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The U.S. State Department has again pointedly refrained from urging U.S. lawmakers not to pass a resolution that terms the World War One-era Armenian massacres in Ottoman Turkey a genocide and is fiercely opposed by Ankara.


The Foreign Affairs Committee of the U.S. House of Representatives is expected to discuss and vote on the resolution on Thursday. The administration of President Barack Obama has still not publicly formulated its position on the highly sensitive issue.

State Department spokesman Philip Crowley declined to clearly state late on Tuesday whether the Obama administration supports or opposes passage of the resolution, pointing instead to the ongoing U.S.-backed efforts to normalize Armenia’s relations with Turkey.

“And within that process … we think that there is ample room for Turkey and Armenia to evaluate the historical facts as to what happened decades ago,” he told a daily news briefing in Washington. “So we haven’t changed our view, but we continue to engage at a high level with both countries and to encourage them – having worked to reach the agreement in Switzerland last year to see it implemented on both sides.”

“We understand how difficult this is, how emotional this is,” said Crowley. “There’s not a common understanding of what happened 90 years ago. But we value the courageous steps that both leaders have taken, and we just continue to encourage both countries to move forward and not look backward.”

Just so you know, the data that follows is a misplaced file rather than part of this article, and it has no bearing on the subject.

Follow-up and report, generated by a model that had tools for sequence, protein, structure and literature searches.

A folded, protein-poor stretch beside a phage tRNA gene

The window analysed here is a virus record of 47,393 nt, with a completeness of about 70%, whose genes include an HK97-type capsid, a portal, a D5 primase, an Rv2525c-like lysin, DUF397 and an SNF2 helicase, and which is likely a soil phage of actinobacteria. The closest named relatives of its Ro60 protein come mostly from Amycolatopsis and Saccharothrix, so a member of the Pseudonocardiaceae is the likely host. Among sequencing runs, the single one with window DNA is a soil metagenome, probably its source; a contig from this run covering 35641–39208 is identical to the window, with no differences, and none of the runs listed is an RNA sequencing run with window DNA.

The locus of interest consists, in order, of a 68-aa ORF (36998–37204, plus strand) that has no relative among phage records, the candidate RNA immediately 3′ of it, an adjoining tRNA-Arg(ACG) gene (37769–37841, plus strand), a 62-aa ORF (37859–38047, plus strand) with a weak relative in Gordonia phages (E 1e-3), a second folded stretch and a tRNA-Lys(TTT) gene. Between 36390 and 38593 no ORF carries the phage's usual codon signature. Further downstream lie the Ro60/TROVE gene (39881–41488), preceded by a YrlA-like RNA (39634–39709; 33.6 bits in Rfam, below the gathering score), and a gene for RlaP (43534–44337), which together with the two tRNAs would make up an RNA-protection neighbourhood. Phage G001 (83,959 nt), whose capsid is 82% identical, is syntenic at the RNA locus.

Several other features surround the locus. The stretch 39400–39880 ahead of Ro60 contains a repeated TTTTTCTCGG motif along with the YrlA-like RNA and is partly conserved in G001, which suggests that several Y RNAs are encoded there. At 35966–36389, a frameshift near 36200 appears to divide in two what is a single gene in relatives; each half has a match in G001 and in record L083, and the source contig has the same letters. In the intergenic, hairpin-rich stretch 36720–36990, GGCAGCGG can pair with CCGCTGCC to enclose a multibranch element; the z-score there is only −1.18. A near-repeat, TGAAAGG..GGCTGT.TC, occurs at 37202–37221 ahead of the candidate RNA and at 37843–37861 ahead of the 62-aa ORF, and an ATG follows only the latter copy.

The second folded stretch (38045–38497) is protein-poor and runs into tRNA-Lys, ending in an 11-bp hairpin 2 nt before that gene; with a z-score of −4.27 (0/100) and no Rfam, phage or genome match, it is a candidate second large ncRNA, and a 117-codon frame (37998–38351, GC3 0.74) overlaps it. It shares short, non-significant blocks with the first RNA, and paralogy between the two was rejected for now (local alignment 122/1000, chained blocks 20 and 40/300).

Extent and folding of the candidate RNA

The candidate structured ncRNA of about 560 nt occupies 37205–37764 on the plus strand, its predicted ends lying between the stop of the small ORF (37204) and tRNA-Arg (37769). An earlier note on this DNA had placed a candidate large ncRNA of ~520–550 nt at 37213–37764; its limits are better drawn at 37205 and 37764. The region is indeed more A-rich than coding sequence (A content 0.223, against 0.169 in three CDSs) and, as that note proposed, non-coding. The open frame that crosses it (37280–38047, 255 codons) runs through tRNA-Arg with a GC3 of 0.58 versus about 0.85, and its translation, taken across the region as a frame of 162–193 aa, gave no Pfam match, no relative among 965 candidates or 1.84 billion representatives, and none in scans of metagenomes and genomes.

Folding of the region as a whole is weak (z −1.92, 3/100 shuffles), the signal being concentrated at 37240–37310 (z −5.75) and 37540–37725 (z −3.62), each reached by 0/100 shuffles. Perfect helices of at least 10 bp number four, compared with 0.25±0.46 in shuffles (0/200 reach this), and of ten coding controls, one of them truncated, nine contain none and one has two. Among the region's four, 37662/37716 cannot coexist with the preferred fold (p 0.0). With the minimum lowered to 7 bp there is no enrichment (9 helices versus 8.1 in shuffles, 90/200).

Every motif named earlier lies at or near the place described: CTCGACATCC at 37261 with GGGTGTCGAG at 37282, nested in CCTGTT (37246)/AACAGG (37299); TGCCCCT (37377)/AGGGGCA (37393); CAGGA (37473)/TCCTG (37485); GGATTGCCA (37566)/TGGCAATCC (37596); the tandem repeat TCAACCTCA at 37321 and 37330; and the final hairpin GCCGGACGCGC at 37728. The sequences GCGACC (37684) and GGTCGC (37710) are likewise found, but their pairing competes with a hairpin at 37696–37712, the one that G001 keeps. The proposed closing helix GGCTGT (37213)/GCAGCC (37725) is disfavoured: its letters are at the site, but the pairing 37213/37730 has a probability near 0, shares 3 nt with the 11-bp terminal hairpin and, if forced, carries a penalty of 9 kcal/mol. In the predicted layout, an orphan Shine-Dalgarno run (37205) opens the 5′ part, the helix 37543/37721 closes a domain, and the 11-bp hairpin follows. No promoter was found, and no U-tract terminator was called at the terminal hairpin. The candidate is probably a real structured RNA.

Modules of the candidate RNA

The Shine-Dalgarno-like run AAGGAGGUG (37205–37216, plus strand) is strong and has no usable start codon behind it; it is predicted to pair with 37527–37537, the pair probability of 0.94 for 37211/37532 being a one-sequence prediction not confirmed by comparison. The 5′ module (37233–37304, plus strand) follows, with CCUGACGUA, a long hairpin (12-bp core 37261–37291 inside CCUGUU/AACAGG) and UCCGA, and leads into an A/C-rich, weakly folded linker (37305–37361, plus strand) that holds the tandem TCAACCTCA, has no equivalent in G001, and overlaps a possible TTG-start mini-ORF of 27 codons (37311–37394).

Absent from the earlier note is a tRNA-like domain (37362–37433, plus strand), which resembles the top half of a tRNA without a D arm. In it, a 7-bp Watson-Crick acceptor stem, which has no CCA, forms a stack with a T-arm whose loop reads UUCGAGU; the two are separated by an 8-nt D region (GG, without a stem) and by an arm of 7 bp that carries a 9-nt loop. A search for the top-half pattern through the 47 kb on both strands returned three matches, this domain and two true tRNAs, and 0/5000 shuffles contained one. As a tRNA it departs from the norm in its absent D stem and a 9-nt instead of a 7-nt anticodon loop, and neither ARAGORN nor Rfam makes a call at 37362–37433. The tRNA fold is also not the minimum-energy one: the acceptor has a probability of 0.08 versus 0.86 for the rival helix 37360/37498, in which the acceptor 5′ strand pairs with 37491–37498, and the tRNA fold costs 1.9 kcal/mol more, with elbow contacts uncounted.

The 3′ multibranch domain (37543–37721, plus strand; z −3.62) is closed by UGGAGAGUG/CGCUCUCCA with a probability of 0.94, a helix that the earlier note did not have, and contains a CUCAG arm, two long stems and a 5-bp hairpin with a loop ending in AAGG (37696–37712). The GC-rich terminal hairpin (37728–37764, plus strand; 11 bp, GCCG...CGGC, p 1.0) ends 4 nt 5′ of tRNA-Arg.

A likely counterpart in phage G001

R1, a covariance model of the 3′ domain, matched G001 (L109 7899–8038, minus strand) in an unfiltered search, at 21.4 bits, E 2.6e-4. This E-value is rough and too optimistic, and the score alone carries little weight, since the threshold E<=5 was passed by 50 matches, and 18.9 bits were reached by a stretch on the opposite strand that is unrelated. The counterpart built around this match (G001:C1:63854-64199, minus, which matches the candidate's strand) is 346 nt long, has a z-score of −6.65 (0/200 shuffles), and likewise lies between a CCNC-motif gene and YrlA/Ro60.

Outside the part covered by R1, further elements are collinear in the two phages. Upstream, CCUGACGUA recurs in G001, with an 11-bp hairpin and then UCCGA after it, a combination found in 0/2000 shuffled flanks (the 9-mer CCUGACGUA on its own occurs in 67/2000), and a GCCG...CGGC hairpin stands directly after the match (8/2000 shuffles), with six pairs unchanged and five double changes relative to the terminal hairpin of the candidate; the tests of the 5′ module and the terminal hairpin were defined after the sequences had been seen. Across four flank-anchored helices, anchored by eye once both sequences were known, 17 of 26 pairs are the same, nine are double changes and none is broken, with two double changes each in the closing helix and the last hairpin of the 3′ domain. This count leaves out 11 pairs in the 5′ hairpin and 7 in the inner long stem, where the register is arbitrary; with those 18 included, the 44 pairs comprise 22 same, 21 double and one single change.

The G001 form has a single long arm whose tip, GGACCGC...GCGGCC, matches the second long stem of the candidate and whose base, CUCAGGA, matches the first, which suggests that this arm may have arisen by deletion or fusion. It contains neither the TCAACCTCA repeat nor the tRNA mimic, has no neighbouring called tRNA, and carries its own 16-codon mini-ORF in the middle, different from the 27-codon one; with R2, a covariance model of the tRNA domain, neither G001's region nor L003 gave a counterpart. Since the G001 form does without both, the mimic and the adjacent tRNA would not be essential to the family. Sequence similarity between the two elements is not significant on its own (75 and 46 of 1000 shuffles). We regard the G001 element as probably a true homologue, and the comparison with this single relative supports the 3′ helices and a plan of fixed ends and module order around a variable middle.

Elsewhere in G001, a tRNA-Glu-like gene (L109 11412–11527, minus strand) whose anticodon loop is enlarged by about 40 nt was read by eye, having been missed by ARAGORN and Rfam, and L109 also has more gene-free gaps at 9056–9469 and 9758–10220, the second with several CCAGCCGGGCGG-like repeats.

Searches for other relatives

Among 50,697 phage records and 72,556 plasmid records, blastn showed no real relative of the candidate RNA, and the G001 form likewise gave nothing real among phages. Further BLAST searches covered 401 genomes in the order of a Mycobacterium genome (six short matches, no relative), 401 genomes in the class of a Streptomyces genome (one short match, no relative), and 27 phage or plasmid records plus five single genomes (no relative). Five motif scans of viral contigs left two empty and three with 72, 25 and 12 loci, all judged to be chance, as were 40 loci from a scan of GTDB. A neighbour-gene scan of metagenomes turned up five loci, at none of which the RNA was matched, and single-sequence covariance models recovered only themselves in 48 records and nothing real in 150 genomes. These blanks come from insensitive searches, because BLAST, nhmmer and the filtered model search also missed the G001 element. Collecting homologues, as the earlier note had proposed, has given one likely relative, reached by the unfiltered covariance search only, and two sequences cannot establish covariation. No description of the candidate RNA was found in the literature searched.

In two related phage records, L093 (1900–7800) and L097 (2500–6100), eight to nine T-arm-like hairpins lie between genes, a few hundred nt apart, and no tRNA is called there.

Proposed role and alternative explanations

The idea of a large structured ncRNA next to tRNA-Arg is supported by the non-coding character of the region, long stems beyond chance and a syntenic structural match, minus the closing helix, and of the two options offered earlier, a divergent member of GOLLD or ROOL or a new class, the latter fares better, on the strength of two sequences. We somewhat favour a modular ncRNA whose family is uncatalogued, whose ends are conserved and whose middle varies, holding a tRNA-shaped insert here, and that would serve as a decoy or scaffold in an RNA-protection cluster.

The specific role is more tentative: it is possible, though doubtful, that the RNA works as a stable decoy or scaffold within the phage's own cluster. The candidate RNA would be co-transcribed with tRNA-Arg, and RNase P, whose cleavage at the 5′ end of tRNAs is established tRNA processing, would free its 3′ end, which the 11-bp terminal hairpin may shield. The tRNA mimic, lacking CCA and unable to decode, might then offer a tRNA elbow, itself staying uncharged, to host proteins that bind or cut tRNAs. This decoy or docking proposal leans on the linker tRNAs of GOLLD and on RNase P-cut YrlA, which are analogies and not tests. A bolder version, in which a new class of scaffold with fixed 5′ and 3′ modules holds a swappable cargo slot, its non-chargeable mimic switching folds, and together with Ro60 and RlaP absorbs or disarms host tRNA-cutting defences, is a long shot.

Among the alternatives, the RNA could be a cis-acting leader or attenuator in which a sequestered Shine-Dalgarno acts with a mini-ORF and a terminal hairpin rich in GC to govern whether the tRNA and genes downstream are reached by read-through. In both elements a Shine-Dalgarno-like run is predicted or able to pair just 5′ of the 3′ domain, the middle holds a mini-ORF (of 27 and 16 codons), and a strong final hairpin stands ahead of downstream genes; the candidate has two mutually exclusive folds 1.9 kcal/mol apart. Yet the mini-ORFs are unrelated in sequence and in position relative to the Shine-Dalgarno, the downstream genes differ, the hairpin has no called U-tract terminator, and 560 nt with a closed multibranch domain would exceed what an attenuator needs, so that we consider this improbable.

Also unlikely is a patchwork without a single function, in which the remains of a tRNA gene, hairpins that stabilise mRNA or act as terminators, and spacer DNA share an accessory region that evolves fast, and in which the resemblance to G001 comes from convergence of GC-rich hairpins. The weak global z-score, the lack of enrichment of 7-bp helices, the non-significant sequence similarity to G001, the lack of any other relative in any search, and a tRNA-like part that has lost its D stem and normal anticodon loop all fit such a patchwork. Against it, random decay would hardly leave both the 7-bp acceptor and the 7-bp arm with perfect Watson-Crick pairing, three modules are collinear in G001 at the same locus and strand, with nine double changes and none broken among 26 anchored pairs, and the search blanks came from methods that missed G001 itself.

When asked whether Washington has made contingency plans for Turkish retaliation against possible genocide recognition, Crowley said, “I think we have a pretty good understanding of how everyone feels on this issue.”

Secretary of State Hillary Clinton made similarly ambiguous comments on the issue in congressional testimony last week. This stance was welcomed by the Armenian National Committee of America (ANCA), one of the two main Armenian-American advocacy groups that have for decades been lobbying Congress to recognize the genocide.

In a February 26 statement, the ANCA executive director, Aram Hamparian, said: “The current Administration's conduct, at least to date, stands in stark contrast to past Administrations – both Democratic and Republican - that used every opportunity to score points with Ankara by attacking the broad, bipartisan Congressional majority that has long existed in support of U.S. condemnation and commemoration of the Armenian Genocide.”

Congressional committees have repeatedly endorsed similar resolutions over the past decade. However, strong pressure from the White House prevented them from reaching the House or Senate floor.
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